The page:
Fleischner Guidelines for Pulmonary Nodules

by Onno Mets and Robin Smithuis

the Academical Medical Centre, Amsterdam and the Rijnland Hospital, Leiderdorp, the Netherlands

Publicationdate

Pulmonary nodules are frequently encountered incidentally on chest CT.

This article summarizes the basics of indeterminate pulmonary nodules with current management recommendations.

Fleischner guidelines

Solid Nodules

In 2005 the Fleischner Society published their literature-based guidelines for the follow-up of solid pulmonary nodules [1].
The aim was to provide practical guidelines for the management of small nodules detected on CT examinations performed for purposes other than lung cancer screening.

The guidelines separate low- and high-risk patients and provide management strategies based on lesion size (see Table).

Sub-Solid Nodules

In 2013 the Fleischner Society released their management recommendations for SSNs [2], which aims to provide practical guidelines for the management of SSNs in clinical practice.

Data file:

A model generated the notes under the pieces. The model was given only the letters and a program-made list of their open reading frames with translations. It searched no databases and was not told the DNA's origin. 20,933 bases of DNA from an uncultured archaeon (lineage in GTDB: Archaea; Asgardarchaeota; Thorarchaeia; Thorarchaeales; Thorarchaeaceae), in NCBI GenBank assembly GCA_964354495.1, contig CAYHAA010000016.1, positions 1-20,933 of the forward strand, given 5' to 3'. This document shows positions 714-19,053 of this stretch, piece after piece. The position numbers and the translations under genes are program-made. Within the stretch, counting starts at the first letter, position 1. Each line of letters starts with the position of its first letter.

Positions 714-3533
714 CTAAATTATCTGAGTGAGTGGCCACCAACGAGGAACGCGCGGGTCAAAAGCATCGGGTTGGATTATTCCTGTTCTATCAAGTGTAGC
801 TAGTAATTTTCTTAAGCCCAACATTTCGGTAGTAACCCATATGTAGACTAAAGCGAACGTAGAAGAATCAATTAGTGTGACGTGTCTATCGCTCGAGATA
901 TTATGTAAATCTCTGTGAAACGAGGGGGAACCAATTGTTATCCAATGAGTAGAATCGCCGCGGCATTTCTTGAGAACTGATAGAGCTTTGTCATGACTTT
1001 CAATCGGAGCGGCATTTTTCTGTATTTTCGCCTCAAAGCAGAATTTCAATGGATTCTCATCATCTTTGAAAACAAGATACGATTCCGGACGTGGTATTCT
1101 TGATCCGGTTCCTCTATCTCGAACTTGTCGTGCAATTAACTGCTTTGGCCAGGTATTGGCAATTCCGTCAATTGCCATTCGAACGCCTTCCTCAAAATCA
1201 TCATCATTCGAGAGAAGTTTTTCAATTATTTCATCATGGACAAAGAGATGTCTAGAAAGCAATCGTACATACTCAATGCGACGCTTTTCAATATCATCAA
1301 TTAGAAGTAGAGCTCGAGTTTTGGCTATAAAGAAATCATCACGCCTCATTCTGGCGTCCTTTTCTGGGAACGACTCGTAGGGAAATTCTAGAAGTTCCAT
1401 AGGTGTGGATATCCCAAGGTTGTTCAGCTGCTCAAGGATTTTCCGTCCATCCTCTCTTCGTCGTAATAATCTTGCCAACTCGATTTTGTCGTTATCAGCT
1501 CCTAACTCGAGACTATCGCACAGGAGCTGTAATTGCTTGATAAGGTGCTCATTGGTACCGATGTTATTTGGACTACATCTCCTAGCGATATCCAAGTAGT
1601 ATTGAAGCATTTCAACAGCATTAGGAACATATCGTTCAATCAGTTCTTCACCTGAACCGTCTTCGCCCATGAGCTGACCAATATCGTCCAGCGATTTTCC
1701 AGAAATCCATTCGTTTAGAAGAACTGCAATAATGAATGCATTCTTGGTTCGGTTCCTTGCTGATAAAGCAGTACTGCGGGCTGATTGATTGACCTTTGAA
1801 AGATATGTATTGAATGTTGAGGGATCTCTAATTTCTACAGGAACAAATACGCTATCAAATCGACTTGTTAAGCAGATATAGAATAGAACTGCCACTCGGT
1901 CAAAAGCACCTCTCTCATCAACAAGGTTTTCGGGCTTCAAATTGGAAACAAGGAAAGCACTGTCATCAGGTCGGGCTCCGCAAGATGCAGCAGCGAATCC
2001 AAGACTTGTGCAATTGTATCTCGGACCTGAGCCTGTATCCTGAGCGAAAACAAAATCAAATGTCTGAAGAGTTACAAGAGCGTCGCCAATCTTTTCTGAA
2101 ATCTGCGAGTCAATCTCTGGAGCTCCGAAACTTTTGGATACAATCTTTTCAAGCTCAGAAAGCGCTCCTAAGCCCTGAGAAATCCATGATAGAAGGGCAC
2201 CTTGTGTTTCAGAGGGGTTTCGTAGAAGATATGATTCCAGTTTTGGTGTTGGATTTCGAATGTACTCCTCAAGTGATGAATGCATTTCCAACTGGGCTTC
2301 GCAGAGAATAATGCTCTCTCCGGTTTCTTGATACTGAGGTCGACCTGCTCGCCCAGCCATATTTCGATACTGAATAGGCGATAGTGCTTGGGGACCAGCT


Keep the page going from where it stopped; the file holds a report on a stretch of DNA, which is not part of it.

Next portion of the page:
The guideline separates solitary and multiple SSNs, both pure non-solid or ground-glass, part-solid with a solid component <5 mm or part-solid with a solid component >5 mm (see Table).

For part-solid nodules > 10 mm FDG-PET should be considered.

In all other SSPNs PET is of limited value and potentially misleading.
It is therefore not recommended in those cases.

Measurement

A lesion which measures 8 x 5 mm has an average of (8 + 5) : 2 = 6.5 mm.

Lung nodule measurements should be obtained as the average of the diameters in the transverse plane [2].
In a part-solid SSN both the sub-solid component as well as the solid component should be measured this way.
These measurements will downsize oblong lesions.

In SSNs this is probably of minor importance, since one should differentiate lesions smaller or larger than 5 mm.
In solid nodules where follow-up is based on several size categories, this can make a difference.
A solid nodule of 7mm has a different follow-up to a 5.5mm nodule (figure).

Nodule characterization is obtained on thin-slice unenhanced scans only, since a small solid nodule may appear to have groundglass density on a thick slice.

Solid Nodules

Most data on small indeterminate pulmonary nodules originate from lung cancer screening in a high-risk population.